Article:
Some of the most characteristic work of this type exists at Hameln, where the façades of the Rattenfängerhaus (1602), the Hochzeitshaus (1610), and many other buildings, are covered with the most extraordinary devices, leaving scarcely a foot of plain masonry as a relief. The south front of the town hall of Bremen (1612) is in the same style (Plate IV., fig. 70), relieved, however, by the fine large windows of the great hall and the arcade in front, in which there is some picturesque detail. Later in the century the degradation increases until it reaches its climax in the Zwinger palace at Dresden (1711), the most terrible rococo work ever conceived, if we except some of the Churrigueresque work in Spain.
Among the most pleasing features in Germany are the fountains which abound in every town; of these there are good examples at Tübingen, Prague, Hildesheim, Ulm, Nuremberg, already famed for its Gothic fountains, Mainz and Rothenburg. In the latter town, built on an eminence, they are of great importance for the supply of the town, and some of them are extremely picturesque and of good design.
Up to the present we have said nothing about the ecclesiastical buildings in Germany, for the reason that the period between the Reformation and the conclusion of the Thirty Years’ War was not favourable to church building. The only example worth mentioning is the church of St Michael at Munich (1583-1597), and that more for its plan than for its architecture. It has a wide nave covered with a barrel vault, and a series of chapels forming semicircular recesses on each side, the walls between acting as buttresses to the great vault. The transept is not deep enough to have any architectural value, but if at the east end there had been only an apse it would have been a better termination than the long choir. The Liebfrauenkirche at Dresden (1726-1745) has a good plan, but internally is arranged like a theatre with pit, tiers of boxes, and a gallery, all in the worst possible taste, and externally the dome is far too high and destroys the scale of the lower part of the church. An elliptical dome is never a pleasing object, and in the church of St Charles Borromeo, at Vienna, there are no other features to redeem its ugliness. The Marienkirche at Wolfenbüttel (1608-1622) has a fine Italian portal; its side elevation is spoilt by the series of gable dormers, which are of no possible use, as the church (of the Hallenkirchen type) is well lighted through the aisle windows. The portal of the Schlosskapelle (1555) at Dresden is a fine work in the Italian style; and lastly the church at Bückeburg, in a late debased style, is redeemed only by the fact that it is built in fine masonry and that the joints run through all the rococo details.
(R. P. S.)
Renaissance Architecture In Belgium And Holland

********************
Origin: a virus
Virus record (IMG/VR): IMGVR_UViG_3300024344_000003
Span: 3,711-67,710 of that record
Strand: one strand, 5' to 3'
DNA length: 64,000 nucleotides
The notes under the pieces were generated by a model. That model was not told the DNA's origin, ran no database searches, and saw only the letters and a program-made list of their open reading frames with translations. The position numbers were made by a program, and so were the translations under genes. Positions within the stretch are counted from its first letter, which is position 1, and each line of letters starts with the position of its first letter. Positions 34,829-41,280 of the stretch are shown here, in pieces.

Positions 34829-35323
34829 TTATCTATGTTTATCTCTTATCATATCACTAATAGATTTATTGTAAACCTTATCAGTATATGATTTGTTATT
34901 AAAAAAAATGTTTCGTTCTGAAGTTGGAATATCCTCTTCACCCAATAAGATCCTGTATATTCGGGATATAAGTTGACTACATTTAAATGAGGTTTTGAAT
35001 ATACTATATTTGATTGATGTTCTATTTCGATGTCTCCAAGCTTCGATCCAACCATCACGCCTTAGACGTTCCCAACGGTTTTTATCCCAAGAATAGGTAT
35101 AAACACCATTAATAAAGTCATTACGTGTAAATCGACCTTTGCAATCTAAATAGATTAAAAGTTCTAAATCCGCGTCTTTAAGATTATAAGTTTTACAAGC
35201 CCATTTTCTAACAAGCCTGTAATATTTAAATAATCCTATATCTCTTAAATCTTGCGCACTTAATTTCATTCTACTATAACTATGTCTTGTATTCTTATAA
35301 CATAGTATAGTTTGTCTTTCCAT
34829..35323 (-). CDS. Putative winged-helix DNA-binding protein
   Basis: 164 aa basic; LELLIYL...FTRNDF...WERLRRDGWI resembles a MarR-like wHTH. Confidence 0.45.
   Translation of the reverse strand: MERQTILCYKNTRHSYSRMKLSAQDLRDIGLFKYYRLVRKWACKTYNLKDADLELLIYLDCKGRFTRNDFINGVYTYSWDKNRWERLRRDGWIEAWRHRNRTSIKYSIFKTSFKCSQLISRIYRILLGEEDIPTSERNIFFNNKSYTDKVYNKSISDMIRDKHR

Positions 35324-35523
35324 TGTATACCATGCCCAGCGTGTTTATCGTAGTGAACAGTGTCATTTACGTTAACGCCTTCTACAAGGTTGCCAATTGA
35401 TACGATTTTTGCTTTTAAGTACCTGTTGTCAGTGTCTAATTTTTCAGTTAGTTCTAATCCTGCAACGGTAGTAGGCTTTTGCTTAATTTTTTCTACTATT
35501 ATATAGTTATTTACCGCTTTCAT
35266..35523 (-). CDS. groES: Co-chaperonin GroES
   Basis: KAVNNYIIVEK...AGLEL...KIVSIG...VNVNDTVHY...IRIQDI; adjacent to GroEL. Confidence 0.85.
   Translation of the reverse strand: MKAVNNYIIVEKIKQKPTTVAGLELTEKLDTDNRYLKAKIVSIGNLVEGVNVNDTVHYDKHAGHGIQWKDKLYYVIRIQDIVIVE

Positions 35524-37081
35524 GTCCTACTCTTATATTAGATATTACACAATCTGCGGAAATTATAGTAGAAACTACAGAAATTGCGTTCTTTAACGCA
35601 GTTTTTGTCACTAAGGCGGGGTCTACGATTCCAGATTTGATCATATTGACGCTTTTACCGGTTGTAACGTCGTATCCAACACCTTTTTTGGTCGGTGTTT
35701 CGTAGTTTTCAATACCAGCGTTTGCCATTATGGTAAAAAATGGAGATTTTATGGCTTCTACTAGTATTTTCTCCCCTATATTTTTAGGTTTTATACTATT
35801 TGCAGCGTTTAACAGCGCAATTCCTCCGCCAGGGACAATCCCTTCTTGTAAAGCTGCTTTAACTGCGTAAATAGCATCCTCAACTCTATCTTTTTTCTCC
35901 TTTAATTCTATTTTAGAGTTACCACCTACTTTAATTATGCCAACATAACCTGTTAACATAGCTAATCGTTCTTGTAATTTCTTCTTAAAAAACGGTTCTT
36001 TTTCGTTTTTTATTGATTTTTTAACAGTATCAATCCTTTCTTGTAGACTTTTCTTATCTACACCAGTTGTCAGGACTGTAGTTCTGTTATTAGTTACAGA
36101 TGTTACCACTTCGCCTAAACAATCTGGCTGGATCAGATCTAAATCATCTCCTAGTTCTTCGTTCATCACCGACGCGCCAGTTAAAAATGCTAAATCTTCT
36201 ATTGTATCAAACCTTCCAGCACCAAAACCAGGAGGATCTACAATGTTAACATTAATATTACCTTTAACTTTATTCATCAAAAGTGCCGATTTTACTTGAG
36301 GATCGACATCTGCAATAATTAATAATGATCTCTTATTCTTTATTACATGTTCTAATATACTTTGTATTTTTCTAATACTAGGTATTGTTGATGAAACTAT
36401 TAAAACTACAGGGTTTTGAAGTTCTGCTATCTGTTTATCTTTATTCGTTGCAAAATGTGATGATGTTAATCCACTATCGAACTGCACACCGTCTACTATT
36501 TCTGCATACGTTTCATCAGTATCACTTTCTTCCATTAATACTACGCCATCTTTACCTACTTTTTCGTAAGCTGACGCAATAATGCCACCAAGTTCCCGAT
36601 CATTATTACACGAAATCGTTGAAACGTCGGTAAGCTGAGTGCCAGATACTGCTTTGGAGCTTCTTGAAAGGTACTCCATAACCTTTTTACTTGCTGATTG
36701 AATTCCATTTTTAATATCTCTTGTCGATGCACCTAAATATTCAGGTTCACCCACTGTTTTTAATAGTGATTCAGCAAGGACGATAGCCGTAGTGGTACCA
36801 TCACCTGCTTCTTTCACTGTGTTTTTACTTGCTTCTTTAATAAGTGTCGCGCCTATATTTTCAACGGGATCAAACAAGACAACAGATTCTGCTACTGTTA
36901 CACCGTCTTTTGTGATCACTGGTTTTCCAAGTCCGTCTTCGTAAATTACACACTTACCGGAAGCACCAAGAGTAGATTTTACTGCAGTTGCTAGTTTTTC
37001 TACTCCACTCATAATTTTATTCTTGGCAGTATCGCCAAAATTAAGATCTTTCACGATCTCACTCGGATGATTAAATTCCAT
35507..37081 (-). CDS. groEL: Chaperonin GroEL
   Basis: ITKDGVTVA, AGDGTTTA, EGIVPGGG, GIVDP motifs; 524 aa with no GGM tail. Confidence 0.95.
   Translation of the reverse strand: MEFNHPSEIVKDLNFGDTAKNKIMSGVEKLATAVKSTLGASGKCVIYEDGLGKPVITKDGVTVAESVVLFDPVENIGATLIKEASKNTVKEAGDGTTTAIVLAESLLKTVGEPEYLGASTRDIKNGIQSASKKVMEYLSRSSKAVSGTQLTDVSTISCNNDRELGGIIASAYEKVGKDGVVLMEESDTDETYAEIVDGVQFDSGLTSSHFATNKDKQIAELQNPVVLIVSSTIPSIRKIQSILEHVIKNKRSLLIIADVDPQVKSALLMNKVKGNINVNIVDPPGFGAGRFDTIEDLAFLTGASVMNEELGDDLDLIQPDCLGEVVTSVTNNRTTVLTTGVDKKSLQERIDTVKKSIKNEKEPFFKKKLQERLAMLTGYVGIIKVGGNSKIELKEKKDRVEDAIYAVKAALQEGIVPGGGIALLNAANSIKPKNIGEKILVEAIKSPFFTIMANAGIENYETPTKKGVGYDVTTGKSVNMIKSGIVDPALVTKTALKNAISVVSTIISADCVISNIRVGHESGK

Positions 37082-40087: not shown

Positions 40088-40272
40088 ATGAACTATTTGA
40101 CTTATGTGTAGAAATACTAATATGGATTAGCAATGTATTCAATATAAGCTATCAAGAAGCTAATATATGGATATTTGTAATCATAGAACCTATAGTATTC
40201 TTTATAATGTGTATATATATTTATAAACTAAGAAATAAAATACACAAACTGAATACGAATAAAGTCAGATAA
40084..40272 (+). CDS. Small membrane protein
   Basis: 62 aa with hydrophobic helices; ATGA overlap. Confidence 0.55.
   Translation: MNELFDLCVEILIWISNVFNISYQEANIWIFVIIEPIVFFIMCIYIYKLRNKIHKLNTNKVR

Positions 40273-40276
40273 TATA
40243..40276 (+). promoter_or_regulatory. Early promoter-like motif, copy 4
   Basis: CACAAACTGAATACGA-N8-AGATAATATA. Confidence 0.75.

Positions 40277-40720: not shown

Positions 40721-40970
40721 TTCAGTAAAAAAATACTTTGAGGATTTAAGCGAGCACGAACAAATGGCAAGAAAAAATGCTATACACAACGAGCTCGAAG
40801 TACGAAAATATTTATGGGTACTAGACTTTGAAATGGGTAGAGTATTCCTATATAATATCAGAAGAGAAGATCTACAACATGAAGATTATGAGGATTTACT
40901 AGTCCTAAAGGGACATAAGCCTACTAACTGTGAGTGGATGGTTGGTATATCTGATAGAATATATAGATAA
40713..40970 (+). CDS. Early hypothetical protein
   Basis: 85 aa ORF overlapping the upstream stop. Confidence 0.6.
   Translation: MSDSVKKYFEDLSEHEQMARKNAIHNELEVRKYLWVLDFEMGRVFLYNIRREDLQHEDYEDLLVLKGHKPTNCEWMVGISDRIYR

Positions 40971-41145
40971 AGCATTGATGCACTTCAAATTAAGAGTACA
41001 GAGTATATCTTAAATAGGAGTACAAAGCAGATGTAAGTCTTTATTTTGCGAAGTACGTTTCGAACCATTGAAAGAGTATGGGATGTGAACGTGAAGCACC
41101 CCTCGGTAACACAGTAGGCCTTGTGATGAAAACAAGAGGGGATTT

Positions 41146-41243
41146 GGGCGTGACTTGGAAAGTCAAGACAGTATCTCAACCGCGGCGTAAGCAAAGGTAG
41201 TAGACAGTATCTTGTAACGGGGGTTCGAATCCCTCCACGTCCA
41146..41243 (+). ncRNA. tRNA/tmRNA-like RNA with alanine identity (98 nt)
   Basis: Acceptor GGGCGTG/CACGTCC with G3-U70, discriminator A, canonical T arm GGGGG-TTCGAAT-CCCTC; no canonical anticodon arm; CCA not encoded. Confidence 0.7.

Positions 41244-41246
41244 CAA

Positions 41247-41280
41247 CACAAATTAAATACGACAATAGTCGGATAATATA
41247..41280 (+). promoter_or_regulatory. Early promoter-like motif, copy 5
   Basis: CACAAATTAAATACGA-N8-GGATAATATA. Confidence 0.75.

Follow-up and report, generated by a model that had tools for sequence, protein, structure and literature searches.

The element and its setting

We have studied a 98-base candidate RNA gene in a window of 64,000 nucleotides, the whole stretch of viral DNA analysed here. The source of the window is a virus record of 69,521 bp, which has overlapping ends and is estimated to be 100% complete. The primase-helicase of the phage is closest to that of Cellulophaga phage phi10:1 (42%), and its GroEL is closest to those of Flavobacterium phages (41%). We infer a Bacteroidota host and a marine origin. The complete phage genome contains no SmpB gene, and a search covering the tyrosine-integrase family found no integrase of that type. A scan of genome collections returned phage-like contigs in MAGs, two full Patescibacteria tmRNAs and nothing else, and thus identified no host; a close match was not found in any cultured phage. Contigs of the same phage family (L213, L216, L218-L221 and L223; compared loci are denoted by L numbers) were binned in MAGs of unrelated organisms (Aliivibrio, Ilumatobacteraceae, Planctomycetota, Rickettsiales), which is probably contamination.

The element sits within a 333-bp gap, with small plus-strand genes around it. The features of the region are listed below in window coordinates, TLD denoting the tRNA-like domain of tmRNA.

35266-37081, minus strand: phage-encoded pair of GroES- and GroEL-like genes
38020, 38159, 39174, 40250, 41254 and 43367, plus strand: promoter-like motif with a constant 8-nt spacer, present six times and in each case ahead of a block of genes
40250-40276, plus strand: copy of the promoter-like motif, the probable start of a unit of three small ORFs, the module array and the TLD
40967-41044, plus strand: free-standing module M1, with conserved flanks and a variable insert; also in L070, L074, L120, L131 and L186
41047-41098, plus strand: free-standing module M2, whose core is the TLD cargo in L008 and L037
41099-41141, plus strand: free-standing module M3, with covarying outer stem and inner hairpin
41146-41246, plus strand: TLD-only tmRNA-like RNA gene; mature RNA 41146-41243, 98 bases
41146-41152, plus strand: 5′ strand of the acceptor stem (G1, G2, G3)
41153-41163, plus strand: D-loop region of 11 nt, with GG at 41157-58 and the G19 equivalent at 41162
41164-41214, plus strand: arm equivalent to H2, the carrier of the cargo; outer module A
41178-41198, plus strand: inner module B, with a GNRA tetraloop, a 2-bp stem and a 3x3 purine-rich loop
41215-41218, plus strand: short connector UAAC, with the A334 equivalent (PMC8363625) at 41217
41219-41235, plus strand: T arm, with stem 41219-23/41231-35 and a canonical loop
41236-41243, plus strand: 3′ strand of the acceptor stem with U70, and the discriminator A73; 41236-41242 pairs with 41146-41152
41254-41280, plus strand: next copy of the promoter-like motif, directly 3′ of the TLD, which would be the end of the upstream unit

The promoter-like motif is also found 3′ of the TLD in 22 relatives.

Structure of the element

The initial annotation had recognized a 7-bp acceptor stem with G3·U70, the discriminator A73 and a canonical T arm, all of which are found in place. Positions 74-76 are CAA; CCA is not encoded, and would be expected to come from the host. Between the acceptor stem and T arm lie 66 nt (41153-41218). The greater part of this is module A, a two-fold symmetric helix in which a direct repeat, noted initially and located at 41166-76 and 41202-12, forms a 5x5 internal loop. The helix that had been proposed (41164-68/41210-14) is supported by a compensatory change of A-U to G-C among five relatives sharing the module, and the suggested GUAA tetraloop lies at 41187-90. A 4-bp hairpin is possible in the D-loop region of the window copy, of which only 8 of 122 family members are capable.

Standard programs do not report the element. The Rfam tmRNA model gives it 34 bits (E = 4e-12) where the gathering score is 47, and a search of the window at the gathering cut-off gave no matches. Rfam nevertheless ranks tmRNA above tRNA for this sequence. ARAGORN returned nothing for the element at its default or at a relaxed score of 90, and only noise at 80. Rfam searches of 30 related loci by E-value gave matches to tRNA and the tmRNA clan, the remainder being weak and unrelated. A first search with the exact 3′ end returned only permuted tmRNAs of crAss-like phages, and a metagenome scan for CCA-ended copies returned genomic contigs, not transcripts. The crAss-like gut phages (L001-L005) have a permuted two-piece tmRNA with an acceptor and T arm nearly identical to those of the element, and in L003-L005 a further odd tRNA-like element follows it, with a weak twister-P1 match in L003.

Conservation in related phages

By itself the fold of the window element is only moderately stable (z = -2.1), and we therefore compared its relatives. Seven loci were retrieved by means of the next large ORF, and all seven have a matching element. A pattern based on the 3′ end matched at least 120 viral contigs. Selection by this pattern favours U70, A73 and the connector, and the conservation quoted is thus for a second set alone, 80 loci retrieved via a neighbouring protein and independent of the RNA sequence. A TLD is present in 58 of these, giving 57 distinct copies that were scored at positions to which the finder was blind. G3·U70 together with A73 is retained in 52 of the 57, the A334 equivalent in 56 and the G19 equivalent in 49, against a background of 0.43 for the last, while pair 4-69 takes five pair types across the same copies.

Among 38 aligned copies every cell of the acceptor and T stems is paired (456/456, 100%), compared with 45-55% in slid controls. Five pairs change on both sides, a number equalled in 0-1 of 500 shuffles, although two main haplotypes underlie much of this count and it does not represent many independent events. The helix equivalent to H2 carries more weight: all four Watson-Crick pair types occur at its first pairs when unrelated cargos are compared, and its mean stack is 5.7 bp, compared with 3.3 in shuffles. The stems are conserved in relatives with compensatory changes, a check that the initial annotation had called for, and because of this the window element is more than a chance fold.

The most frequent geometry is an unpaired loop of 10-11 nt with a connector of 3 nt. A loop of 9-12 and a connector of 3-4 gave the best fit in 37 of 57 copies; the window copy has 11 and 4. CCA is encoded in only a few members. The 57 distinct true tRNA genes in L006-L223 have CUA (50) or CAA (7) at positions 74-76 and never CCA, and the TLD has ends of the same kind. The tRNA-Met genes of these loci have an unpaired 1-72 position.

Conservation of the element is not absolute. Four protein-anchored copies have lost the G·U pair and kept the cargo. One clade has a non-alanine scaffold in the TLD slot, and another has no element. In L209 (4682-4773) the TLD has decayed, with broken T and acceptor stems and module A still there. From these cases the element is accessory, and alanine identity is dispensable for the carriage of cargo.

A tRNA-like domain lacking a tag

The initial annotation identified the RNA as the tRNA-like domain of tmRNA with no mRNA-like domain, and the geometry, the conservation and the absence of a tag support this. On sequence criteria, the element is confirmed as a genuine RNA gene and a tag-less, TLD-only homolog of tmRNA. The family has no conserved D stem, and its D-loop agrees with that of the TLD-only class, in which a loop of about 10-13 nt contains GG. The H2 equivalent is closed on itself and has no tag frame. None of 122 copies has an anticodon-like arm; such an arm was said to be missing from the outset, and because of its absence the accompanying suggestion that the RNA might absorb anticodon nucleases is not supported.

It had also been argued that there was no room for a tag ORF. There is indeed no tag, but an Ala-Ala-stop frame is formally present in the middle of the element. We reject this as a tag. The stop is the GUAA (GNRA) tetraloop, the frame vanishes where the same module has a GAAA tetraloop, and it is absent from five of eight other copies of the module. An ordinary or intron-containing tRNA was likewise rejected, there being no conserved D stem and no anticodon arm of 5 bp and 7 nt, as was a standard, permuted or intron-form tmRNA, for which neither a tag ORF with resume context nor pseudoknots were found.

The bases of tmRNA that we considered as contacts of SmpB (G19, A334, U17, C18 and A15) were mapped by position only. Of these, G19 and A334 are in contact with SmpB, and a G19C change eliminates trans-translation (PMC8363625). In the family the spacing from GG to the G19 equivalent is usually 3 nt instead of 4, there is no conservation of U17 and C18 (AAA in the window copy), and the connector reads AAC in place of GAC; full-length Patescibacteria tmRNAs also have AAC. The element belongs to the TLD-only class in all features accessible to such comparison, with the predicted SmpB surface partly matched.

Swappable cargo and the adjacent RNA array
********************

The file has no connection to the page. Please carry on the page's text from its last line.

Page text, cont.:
The Gothic development in the 15th century in Belgium, as evidenced in her magnificent town halls and other public buildings, not only supplied her requirements in the century following, but hindered the introduction of the Classic Revival, so that it is not till the second half of the 16th century that we find in the town hall of Antwerp a building which is perhaps more Italian in design than any work in Germany. There are, however, a few instances of earlier Renaissance, such as the Salm Inn (1534) at Malines; the magnificent chimneypiece, by Conrad van Noremberger of Namur, in the council chamber of the palais de justice at Bruges (1529); and the palais de justice of Liége (1533), formerly the bishop’s palace, in the court of which are features suggesting a Spanish influence. The influence of the cinque-cento style of Italy may be noticed in the tomb of the count de Borgnival (1533) in the cathedral of Breda, and in the choir stalls of the church at Enkhuisen on the borders of the Zuyder Zee, both in Holland, and in the choir stalls of the cathedral of Ypres in Belgium; the carving of these bears so close a resemblance to cinque-cento work in design and execution that one might conclude they were the work of Italian artists, but their authors are known to have been Flemish, who must, however, have studied in Italy. Again, in the stained-glass windows of the church of St Jacques at Liége, the details are all cinque-cento, with circular arches on columns, festoons of leaves and other ornament, all apparently derived from Italian sources, but necessarily executed by Flemish painters, as stained-glass windows of that type are not often found in Italian churches.
Of public buildings in Belgium, the most noted example is that of the town hall at Antwerp, designed by Cornelius de Vriendt (1564). It has a frontage of over 300 ft. facing the Grande Place, and is an imposing structure in four storeys, arcaded on the lower storey and the classic orders above, with mullioned windows between on the